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Signs of a tech bounce - if you know where to look
BURIED in a set of little-known data are early signs that the hardware side of the technology sector may be rebounding from the pandemic-driven plunge.
Investors generally need to wait until a few weeks after a quarter closes to get a sense of how well (or how badly) business has done, or hope that the company provides an update when the situation changes - except in Taiwan.
A decades-old regulation requires companies there to report sales every month. This information is useful not only to investors in locally traded stocks. What is listed is a broad range of companies that make chips, components, half-assembled modules and final products used in almost every electronics device in the world.
The numbers can also provide a snapshot of output in China, where most Taiwanese technology manufacturers have the bulk of production.
As early as January, it became obvious that the novel coronavirus would be a nightmare for tech companies. We now know that Apple posted a 7.2 per cent drop in March-quarter sales of iPhones and iPads, while its major supplier, Foxconn Technology Group, suffered its biggest dive in revenue for seven years.
More interesting is to see what has been going on since. A look at April sales data from Taiwan enabled me to crunch numbers. What we find is a bounce in revenue that gives some hope for the global sector.
Taiwan Semiconductor Manufacturing Company (TSMC) and Foxconn's Hon Hai Precision Industry are the most famous names in this data set, because they are the biggest in their category and have a VIP client list that includes Apple, Qualcomm, Huawei Technologies and Sony. Yet hundreds of others, such as Pegatron, Quanta Computer and Largan Precision, collectively supply most of the industry.
By aggregating the data month by month, comparing to the year before to smooth out seasonality, and looking at the sub-sectors within tech - defined by the Taiwan Stock Exchange - such as components suppliers, chipmakers, or computer assemblers, we can get an understanding of what was happening just a few weeks ago.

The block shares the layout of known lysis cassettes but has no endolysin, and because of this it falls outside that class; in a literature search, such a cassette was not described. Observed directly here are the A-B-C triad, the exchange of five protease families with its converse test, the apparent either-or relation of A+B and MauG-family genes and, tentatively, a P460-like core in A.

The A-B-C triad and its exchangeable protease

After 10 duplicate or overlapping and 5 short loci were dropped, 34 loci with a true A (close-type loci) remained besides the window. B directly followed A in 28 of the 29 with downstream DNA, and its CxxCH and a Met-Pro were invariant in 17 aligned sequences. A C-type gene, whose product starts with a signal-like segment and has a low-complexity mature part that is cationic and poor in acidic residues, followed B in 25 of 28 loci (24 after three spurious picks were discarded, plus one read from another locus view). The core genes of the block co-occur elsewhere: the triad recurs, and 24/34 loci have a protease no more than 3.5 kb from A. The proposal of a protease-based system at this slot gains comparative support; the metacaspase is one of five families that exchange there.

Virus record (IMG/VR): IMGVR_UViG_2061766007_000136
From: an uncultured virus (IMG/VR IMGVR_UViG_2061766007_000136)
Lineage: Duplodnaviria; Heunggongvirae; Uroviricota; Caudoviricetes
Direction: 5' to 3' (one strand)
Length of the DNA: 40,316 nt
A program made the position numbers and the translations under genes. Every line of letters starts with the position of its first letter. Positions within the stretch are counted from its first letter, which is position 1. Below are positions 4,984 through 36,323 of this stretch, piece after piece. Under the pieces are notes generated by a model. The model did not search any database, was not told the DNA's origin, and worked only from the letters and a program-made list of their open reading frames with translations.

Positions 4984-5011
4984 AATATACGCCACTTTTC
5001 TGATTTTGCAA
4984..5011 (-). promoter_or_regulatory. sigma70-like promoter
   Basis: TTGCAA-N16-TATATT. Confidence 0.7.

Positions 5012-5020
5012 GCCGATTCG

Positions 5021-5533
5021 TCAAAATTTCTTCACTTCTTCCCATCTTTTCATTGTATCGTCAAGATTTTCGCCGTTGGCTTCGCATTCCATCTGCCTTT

Computers and peripherals, which include major PC and server makers Quanta and Compal Electronics, showed the largest rebound, from an 11.9 per cent drop in the January-to-March period to a 7.9 per cent rise in April. Electronics parts and components, such as circuit-board supplier Compeq Manufacturing, turned a mild decline into solid growth - from a 3.1 per cent decline into a 9.1 per cent increase.
Other electronics, including Hon Hai, which not only assembles iPhones but also servers and networking equipment, went from an 11.8 per cent fall to flat. Chips, headlined by TSMC, remained incredibly strong. Optoelectronics, which largely comprises displays and camera modules, show a prolonged decline.
One of the key takeaways is the relative strength in corporate-focused hardware, and possible continued weakness in gadgets. Foxconn pointed to this earlier this month, when it told investors that its consumer-devices division, which encompasses iPhones, would fall at least 15 per cent, while enterprise products would climb 10 per cent.
There are two important caveats to the data.
The first is that they track just Taipei-listed companies, and not some big names like Huawei and Samsung Electronics, which also manufacture their own hardware. However, it is a like-for-like comparison - those companies are not included in last year's data, either - and the broad reach of Taiwan's tech sector means that even Huawei and Samsung are likely part of its supply chain.
A more important note is that this is just for one month. Some of that April uptick is simply catch-up production for time lost at the height of the pandemic. Yet clients would not place orders if they did not feel that there is end-demand somewhere.
Autos and textiles are cutting production and shuttering factories in the knowledge that such a pickup in sales is not likely. With global turmoil making companies reticent to give predictions, investors wait in the dark for an update or a quarterly conference call. Even if we do not know whether this is a true rebound, or merely a dead-cat bounce, at least there is more timely data available to examine. BLOOMBERG